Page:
Category Archives: Review
When I first started watching A Lull in the Sea when it started in Fall 2012 (known at the time only by its Japanese name, Nagi no Asukara, or its shorthand name NagiAsu), I was admittedly not too impressed by it. Sure, it looked nice, but the main characters, especially the lead male Hikari, annoyed me or were otherwise not too interesting, and the plot just seemed like your usual middle-school romantic drama with a side of “sea vs. land” drama to go with it. However, as the show went on, the story eventually revealed itself to be much deeper, and while I was not able to finish the show until just recently, I am definitely glad I did, because at the end the show had become something fantastic. If you are up for a thematic romantic drama where characters start out as immature but grow and improve throughout, NagiAsu is highly recommended.
The big theme that NagiAsu revolves around is “change”. The show starts off with a major change, as four childhood friends who live in the sea (more on that later) must now attend middle school on land; on top of that, one of the four, Manaka, meets a land-dwelling classmate, Tsumugu, and gets fascinated by him. This greatly annoys Hikari, who had always looked after Manaka and for some reason does not like how she is so interested in this new boy. As for the other two friends, Chisaki has held feelings for Hikari in secret, and in turn, Kaname for Chisaki. So far, it’s a very standard romantic “love polygon” setup.
Where things get more complicated is where Akari, Hikari’s older sister gets involved. Akari fell in love with a man from the surface, which is taboo among the sea people as the children of sea-land unions do not have the Ena that allows them to live underwater. Her boyfriend’s daughter from a previous marriage, Miuna, has her own reservations about the marriage, making the situation even more complicated. Hikari, being if nothing else a caring younger brother, starts trying to understand Akari’s feelings and eventually tries to get her marriage approved by all parties involved. This is ultimately what pushes him to grow out of being the immature brat he starts out as, as he learns to consider others’ feelings and channel his stubbornness and hot-headedness in positive ways.
All of this is still only the beginning of the changes that happen in this show, leading up to a major event at the halfway point that causes some significant shifts in the characters’ lives (which, among other things, complicates the love polygon situation tenfold). Here, the theme of change—or lack thereof—comes into full play. The name A Lull in the Sea becomes meaningful as it represents that which refuses to change: a sea that, in the second half, has become still and frozen over. This stands in contrast to the protagonists, who experience that change and must come to terms with it, whether they want it or not. While it is difficult to talk about this without mentioning major spoilers, suffice it to say that this theme of change is represented beautifully and poetically, with each character’s development strengthened in the process.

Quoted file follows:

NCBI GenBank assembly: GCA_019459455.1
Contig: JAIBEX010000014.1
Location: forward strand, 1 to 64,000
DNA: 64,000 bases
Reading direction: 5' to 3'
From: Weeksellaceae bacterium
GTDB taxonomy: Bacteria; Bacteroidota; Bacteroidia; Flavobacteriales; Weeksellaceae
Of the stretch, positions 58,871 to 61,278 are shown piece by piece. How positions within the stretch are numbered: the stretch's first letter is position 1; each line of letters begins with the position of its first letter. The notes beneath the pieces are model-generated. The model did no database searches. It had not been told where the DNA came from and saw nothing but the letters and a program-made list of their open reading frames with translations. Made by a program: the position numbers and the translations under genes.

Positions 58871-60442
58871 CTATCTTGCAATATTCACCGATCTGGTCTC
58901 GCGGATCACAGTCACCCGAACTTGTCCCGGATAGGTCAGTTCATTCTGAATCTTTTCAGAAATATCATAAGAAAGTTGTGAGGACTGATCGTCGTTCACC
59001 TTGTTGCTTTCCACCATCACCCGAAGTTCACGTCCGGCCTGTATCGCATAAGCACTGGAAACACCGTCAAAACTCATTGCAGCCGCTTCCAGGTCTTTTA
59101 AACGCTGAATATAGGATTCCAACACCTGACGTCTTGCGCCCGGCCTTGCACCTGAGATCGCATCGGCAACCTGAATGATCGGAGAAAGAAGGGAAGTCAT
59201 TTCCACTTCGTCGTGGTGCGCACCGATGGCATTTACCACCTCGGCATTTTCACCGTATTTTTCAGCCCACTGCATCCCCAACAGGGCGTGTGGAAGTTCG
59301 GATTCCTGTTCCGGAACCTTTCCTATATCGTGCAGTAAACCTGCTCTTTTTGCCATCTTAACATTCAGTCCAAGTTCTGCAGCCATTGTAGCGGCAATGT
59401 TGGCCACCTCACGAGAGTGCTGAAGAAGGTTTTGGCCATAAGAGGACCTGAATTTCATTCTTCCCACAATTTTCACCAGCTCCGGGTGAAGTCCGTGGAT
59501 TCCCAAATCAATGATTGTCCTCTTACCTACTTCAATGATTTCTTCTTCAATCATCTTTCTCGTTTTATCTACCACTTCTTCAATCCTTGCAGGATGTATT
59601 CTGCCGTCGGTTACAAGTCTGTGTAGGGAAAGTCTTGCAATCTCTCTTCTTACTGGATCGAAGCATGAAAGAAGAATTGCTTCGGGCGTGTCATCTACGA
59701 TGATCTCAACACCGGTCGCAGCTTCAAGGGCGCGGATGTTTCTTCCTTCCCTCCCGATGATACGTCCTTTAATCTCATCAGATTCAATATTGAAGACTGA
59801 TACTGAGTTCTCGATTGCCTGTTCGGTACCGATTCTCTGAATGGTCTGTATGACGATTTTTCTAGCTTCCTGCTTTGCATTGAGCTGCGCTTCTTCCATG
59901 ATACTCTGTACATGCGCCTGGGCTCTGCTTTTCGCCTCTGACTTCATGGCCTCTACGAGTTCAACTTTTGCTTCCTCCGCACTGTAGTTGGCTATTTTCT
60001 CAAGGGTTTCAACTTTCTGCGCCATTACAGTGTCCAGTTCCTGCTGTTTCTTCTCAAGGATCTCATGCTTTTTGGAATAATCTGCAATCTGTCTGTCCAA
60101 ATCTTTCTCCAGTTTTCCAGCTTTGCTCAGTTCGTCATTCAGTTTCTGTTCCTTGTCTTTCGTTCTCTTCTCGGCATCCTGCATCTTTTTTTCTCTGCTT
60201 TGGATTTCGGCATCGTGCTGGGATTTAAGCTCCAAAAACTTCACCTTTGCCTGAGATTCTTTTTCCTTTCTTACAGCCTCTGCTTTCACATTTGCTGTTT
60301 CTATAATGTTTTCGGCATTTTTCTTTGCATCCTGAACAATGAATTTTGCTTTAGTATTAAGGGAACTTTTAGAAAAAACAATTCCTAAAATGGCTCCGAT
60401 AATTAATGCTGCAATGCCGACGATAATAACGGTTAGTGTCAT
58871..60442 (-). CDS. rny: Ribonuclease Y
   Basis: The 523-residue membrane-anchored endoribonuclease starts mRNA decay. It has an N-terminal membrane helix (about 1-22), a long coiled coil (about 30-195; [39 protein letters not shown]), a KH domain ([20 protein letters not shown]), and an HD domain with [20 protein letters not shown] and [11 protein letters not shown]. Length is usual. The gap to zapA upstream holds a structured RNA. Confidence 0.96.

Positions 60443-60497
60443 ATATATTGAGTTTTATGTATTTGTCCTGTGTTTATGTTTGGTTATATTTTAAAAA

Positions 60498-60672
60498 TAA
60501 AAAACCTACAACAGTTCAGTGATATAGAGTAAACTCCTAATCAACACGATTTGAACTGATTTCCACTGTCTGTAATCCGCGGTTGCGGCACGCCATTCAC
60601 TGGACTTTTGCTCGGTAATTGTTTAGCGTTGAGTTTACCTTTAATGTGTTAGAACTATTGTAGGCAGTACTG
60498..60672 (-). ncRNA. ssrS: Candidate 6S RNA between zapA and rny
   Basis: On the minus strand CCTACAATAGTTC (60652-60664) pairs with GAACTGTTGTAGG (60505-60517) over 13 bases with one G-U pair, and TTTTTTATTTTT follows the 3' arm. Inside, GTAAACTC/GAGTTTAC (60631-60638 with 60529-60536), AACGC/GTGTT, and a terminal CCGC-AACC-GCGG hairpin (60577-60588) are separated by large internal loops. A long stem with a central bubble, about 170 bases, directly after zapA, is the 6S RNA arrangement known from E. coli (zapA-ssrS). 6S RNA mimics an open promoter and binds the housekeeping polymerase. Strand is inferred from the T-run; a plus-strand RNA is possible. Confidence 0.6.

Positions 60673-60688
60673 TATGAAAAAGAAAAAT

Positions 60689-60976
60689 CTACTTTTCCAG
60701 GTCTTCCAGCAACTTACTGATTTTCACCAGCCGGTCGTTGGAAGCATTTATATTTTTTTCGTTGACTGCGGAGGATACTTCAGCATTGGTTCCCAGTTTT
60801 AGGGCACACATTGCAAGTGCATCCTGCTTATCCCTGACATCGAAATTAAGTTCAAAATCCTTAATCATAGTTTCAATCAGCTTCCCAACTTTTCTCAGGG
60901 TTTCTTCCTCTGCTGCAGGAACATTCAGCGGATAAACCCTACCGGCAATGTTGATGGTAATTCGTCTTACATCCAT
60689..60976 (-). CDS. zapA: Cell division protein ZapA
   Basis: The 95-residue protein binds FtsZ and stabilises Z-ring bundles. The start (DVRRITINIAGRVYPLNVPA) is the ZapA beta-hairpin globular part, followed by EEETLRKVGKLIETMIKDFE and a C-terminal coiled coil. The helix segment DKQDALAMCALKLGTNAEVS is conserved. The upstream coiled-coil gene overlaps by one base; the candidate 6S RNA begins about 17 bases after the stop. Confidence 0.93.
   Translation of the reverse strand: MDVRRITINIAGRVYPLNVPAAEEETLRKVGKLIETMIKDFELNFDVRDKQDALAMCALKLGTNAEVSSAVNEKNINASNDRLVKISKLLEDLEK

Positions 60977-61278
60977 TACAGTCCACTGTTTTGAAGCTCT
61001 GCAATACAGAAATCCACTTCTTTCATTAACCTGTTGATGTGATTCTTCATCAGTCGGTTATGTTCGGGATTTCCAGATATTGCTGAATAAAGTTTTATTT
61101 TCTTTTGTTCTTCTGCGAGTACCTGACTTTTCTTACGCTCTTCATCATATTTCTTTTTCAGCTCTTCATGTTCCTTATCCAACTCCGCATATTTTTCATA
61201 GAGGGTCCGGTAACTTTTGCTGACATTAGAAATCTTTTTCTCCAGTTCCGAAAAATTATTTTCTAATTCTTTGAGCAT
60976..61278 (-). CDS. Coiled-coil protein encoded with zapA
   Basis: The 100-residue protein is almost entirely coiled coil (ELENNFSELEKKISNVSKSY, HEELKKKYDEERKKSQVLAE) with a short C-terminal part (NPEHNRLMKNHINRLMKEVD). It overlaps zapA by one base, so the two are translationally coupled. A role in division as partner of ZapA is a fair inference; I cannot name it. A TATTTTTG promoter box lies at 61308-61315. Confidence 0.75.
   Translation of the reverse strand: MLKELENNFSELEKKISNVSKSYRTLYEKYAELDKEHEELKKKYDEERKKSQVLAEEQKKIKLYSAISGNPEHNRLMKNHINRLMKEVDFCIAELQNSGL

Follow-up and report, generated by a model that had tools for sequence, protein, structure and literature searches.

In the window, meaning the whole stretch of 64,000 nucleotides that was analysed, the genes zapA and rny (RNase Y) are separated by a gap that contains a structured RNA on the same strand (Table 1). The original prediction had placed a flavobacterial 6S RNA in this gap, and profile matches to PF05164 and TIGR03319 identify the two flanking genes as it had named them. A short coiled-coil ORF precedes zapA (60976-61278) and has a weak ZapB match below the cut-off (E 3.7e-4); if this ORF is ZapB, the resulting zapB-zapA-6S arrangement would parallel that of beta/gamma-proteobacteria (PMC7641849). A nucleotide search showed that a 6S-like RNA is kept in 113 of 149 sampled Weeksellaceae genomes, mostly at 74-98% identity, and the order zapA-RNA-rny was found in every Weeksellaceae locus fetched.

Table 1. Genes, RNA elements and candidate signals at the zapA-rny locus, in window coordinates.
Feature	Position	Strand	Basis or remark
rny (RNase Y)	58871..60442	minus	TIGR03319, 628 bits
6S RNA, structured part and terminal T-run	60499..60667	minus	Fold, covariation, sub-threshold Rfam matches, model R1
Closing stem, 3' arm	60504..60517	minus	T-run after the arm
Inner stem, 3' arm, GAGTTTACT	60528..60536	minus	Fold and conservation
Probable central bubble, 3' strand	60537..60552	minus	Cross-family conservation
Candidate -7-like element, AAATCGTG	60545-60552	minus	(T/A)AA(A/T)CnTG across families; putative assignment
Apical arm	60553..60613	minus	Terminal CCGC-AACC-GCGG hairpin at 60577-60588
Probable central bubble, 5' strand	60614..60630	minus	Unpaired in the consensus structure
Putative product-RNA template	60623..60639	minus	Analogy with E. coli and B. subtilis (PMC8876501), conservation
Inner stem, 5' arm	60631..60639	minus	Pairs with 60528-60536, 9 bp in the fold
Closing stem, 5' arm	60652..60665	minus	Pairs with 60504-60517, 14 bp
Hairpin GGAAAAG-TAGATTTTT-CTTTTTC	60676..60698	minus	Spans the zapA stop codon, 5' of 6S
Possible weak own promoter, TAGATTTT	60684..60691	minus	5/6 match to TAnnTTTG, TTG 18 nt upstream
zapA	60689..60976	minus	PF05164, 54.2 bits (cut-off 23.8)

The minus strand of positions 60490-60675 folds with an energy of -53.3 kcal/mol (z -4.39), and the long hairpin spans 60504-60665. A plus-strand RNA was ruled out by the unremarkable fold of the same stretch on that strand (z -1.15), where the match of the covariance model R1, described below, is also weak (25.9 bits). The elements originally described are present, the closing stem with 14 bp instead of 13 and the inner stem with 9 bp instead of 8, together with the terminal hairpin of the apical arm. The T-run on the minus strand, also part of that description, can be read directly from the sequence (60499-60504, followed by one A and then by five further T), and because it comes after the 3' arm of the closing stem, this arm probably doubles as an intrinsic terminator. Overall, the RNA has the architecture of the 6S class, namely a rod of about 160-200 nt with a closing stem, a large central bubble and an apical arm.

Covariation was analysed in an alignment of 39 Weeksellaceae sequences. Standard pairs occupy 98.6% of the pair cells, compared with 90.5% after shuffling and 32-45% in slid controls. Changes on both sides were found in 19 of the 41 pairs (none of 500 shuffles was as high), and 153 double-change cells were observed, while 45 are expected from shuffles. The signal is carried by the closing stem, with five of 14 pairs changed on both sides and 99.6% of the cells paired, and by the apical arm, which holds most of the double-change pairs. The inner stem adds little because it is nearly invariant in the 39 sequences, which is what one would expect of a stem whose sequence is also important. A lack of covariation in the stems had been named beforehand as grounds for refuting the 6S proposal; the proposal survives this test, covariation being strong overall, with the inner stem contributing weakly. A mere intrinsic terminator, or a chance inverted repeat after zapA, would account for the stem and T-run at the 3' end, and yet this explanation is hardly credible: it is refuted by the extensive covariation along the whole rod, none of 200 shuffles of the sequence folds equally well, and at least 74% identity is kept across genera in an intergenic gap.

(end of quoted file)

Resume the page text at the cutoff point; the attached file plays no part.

Did you enjoy yesterday’s review? Here’s another packed post reviewing this past season’s anime!
stardf29 – 10/10
Yes, you read that right; I am giving this show a perfect score. And this show most definitely deserves it. This show has everything I could ask for in a concert band-themed anime. The characters are all very strong, as both main and side characters get great development individually and relationally, coming off as very realistic and multidimensional. The overall storyline does a great job of exploring the concert band experience, and many times I could really relate to the show because it reminded me so much of my own school concert band experience. At the same time, the concepts of participating in an activity seriously or not, and being inspired by and having to compete with others pursuing a shared goal, are things anyone can relate to. Kyoto Animation brings incredible production values to the show as expected, with the music being an especially strong point as the band sounds very authentic, even when they are not playing very well. Though when they do play well, it is some of the best music I have ever heard in anime. Oh, and there’s plenty of great comedy amidst all the drama, too! Any flaws with this show are just nitpicks that are up to personal preference, and the only “problem” with this show is that I want more than just the thirteen episodes we got. This show has definitely earned its spot among my all-time favorite anime (my 5th favorite, specifically), and it is a show I would wholeheartedly recommend to any anime fan.
Did you enjoy yesterday’s review? Here’s another packed post reviewing this past season’s anime!
Is it Wrong to Try to Pick up Girls in the Dungeon?
Dungeon ni Deai wo Motomeru no wa Machigatteiru Darou Ka
Medieval Otaku – 6/10
The main problem with Danmachi lies in that the essentially RPG fantasy setting is overused these days. Otherwise, one can’t deny that this is a fun fantasy romp. People complain of the fanservice, but I don’t think of it as that bad in comparison to other shows. The female characters are all quite interesting; though, Bell still strikes me as a bland harem lead. What more might I say? The animation was well done, the action engrossing, and the humor quite amusing—especially in regard to the many women in the hero’s life. A good show, but it still leaves something to be desired.
Studio Ghibli has built its success on telling stories of girls who find strength to overcome obstacles, and in the process undergo beautiful transformations. For its final film, Studio Ghibli again presents that tale, but dives into newer territory by setting it against the backdrop of a supernatural mystery. And the result is phenomenal.